Belen Magistrate Court implements program for veterans, DWI offenders
Belen Magistrate Court officials are on another track.
That track comes in the form of offering veterans who are DWI offenders a chance at rehabilitation by addressing their specific needs.
The Veteran's Court started after court staff attended a five-day training course in Irvine, Calif., in July that was paid for by the U.S. Bureau of Justice.
The training is designed to assist jurisdictions in the planning and development of Veterans Treatment Court programs.
The Belen Magistrate Court was the first in the state to receive the training. The court is made up of prosecutors, law enforcement and judges.
"We address their needs at every level," said DWI Drug Court Program Coordinator Gilbert Romero. "We address their mental health needs as far as a traumatic brain injury, post traumatic stress disorder and substance abuse."
Romero said in the past, veterans were treated alongside people who were known felons and others with long criminal records. He said vets would often not get the help they needed, and instead would be more likely to re-offend.
Under the new track, veterans would be included with the 12-month drug court program and would get help from experts who deal with people who have disorders such as post traumatic stress disorder or a traumatic brain injury.
Valencia County Drug Court is a year-long program where offenders report to a supervised probation officer a few times a week and are required to wear a bracelet that detects alcohol use. Offenders also receive outpatient treatment in the point-based program.
"These are guys that have already had a third and fourth (DWI)," Romero said. "Instead of going onto prison, they agree to come to this program."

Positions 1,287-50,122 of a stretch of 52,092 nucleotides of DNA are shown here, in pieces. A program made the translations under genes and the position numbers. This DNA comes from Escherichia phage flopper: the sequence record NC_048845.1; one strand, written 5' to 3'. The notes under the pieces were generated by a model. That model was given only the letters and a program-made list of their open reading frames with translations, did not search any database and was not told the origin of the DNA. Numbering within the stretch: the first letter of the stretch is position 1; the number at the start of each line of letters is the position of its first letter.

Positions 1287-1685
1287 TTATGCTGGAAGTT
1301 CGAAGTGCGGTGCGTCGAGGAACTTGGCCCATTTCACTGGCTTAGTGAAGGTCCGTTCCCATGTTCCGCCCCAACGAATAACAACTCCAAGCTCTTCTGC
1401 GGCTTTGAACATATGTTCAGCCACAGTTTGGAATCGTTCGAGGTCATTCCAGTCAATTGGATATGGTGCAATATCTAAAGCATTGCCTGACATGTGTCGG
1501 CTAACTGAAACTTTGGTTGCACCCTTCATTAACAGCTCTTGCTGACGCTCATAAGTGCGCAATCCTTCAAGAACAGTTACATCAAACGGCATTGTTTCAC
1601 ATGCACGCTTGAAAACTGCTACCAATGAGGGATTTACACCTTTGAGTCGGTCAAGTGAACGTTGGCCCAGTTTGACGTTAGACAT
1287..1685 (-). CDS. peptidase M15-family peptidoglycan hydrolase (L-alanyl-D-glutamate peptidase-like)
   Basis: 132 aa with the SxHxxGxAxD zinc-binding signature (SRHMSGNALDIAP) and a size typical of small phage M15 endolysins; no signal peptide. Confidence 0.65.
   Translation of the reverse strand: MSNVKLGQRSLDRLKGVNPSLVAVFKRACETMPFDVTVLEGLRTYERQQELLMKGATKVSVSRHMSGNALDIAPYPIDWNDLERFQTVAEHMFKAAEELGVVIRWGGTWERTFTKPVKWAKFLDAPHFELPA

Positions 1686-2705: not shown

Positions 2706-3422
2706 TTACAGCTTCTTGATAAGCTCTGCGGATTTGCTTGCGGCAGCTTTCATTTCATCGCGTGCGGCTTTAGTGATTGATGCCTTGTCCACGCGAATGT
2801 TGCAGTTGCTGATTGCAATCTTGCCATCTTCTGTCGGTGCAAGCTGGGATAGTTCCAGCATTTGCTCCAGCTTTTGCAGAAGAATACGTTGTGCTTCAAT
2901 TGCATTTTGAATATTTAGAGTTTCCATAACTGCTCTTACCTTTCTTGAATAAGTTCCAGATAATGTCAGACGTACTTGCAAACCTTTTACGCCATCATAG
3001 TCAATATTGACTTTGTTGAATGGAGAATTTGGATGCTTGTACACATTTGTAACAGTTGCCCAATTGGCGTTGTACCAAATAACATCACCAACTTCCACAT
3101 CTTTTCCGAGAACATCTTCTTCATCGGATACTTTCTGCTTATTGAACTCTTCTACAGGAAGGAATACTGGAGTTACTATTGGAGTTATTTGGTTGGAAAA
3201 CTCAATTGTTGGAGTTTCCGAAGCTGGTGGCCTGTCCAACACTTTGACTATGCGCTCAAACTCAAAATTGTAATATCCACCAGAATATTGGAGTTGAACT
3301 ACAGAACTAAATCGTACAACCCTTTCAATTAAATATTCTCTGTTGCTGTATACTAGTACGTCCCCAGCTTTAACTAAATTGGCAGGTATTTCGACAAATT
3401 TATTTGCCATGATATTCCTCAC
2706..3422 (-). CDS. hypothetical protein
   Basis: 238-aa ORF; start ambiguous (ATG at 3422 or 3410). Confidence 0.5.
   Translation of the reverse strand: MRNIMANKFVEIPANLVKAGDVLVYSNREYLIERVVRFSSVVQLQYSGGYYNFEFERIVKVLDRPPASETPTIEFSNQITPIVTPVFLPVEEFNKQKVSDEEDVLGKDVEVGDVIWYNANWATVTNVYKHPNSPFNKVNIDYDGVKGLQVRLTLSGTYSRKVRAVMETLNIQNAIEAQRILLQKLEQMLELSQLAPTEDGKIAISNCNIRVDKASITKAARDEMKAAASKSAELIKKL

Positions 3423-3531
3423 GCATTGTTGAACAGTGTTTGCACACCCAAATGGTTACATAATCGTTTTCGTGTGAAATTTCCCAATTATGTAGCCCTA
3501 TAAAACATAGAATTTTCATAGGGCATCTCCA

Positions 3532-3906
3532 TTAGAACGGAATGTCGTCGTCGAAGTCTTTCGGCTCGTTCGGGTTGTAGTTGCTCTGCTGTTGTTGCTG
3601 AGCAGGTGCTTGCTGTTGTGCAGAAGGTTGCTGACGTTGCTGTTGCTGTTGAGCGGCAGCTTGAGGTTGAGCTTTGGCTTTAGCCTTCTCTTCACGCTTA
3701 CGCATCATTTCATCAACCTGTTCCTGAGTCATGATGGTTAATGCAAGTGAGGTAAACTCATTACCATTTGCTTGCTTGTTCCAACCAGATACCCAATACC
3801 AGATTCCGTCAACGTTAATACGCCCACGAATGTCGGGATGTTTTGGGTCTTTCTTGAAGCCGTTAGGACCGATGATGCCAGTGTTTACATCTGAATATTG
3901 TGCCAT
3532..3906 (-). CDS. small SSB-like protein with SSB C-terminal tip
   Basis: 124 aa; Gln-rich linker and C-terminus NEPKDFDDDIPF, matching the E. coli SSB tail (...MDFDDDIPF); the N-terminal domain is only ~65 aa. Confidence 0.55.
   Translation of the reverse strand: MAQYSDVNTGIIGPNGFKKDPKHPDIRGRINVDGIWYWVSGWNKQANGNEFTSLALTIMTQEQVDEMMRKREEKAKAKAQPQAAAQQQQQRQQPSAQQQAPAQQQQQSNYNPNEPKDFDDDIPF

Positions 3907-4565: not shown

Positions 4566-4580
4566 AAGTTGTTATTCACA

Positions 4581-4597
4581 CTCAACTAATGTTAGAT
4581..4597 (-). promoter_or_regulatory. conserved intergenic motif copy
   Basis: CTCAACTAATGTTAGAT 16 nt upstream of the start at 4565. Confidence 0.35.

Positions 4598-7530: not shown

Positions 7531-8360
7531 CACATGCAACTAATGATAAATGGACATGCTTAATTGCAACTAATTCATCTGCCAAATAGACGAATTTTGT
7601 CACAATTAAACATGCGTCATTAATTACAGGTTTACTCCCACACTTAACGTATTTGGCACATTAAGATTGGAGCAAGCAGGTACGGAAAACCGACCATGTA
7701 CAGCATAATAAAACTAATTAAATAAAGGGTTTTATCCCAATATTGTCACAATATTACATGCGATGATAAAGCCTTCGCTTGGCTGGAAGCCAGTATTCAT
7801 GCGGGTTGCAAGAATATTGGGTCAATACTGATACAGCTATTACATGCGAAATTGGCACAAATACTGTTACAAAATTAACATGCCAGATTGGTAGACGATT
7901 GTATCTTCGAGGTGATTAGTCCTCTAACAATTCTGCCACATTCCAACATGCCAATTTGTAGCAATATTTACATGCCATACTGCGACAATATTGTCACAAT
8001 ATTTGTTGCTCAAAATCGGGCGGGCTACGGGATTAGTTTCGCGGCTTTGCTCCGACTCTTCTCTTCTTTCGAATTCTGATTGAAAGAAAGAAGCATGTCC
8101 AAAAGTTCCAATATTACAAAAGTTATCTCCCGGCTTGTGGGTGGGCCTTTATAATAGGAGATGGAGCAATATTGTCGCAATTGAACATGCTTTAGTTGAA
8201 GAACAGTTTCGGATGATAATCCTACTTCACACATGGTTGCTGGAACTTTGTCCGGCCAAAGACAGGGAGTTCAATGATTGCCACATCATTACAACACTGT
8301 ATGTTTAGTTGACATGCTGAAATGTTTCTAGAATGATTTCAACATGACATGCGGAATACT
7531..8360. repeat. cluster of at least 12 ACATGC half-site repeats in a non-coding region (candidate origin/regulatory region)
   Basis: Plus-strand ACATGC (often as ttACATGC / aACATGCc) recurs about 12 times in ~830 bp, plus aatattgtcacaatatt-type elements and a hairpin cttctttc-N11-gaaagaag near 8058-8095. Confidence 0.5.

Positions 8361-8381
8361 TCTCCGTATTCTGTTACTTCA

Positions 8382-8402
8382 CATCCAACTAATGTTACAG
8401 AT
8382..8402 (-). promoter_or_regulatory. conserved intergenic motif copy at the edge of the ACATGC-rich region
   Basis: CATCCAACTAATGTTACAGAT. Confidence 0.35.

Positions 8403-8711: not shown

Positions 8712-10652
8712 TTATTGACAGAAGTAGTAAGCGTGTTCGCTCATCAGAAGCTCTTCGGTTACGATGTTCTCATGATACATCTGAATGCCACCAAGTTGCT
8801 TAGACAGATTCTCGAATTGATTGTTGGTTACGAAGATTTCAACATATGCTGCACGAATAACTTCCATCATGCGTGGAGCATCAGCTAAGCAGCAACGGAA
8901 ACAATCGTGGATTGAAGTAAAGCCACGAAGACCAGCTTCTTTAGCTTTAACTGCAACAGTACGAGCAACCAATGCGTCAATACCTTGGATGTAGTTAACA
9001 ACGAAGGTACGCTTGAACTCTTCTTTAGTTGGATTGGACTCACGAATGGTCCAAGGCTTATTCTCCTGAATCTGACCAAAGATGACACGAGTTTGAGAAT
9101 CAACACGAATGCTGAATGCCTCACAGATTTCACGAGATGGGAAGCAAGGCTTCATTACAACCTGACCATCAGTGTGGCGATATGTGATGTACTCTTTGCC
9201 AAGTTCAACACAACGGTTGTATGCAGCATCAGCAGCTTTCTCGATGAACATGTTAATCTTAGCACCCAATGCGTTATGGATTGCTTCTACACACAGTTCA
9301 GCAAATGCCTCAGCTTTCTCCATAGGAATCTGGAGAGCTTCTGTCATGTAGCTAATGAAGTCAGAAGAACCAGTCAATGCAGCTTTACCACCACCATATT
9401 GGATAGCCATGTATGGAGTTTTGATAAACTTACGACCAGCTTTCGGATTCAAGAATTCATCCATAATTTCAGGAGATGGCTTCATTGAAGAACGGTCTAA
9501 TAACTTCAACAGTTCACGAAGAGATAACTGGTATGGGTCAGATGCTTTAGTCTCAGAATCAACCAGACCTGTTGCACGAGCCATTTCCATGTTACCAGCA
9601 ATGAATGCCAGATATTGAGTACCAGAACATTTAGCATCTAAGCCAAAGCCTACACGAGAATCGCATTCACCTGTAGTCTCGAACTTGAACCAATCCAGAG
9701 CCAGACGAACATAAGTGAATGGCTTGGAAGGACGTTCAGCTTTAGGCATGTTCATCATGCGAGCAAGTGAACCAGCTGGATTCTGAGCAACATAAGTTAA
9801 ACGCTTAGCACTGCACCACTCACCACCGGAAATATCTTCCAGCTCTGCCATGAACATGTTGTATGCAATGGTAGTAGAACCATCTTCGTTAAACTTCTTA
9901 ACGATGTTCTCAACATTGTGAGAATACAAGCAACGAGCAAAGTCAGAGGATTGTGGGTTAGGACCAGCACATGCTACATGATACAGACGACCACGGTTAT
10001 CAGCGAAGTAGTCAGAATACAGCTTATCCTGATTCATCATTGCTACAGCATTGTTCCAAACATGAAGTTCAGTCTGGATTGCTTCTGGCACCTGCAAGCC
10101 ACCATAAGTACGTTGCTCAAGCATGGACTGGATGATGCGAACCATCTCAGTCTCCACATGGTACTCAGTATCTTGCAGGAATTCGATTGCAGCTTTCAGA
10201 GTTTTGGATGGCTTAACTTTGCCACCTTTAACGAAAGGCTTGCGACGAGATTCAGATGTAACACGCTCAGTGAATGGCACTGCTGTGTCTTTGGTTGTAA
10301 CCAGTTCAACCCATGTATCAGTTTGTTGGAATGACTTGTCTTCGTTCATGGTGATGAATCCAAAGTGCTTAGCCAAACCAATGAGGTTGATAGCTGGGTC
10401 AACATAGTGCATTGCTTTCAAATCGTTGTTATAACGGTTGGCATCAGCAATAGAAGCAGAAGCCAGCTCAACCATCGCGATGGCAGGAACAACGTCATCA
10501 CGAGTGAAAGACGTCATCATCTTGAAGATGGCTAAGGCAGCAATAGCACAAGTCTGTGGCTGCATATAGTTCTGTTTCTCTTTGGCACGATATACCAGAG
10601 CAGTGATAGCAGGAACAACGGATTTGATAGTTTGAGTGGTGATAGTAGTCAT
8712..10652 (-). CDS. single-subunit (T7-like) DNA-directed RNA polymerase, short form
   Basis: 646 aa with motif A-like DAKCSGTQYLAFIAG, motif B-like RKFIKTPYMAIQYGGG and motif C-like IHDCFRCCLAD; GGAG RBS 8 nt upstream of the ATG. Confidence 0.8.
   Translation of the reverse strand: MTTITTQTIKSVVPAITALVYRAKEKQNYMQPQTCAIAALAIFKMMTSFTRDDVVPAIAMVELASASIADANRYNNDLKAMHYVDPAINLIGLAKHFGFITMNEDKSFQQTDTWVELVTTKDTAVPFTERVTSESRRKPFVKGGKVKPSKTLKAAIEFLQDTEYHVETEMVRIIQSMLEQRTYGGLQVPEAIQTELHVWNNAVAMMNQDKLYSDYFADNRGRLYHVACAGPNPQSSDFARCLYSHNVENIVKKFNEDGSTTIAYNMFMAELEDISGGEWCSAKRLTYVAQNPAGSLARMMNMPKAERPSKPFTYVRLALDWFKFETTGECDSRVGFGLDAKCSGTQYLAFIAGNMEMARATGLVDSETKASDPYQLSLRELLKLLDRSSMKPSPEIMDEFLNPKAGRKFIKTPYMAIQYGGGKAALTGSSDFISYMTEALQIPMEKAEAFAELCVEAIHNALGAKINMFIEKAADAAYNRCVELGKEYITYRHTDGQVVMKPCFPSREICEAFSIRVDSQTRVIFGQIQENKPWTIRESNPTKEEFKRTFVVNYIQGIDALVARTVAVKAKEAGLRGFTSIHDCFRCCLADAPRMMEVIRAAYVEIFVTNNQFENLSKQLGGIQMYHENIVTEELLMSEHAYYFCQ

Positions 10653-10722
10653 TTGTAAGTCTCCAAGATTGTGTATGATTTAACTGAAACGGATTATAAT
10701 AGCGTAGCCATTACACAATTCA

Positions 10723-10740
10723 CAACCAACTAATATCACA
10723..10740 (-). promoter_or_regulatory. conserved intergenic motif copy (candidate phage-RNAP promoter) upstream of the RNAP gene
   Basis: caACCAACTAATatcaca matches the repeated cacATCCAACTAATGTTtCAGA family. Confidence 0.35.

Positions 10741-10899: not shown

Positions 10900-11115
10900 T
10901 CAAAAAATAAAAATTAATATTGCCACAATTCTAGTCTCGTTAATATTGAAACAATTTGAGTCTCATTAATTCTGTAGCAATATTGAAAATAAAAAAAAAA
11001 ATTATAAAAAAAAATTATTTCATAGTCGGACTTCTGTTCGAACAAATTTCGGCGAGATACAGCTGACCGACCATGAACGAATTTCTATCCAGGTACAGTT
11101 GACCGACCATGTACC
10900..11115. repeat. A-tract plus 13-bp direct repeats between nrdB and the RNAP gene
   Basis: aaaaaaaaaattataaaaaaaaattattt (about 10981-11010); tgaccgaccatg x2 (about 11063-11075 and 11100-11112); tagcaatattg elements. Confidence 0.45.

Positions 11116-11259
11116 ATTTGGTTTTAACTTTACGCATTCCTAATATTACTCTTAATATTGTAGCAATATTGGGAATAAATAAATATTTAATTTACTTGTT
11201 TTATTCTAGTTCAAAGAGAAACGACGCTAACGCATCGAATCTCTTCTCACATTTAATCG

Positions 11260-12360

Belen Magistrate Danny Hawkes, an Iraq war veteran, said he thought the new component would be a good way for veterans to get the treatment they need.
He first learned of the initiative after hearing of a similar program implemented by a superior court in Buffalo, N.Y., in 2008.
The Belen court was required to complete pre-training worksheets, attend the training program and maintain routine correspondence with program staff, and submit a Veterans Treatment Court implementation plan.
Hawkes, who served in Desert Storm, said he thought it was important for DWI offenders to receive specialized rehabilitation. Belen court officials works with the Albuquerque Veteran's Hospital to ensure the rehab is effective.
"We are making a better quality of life for veterans in Valencia County," Hawkes said. "We are attending to their needs."
The new component officially started this month and officials are in the process of applying for a federal grant to be able to operate a stand-alone program for veterans. As it stands now, the veteran's court all done on a volunteer basis.
Romero said he hopes to apply for the grant in January so that offenders problems don't escalate to the point where they wind up back in prison.
He said so far, none of the graduates of the drug court program have re-offended.
"It's important," Romero said. "Veterans have a very different need."
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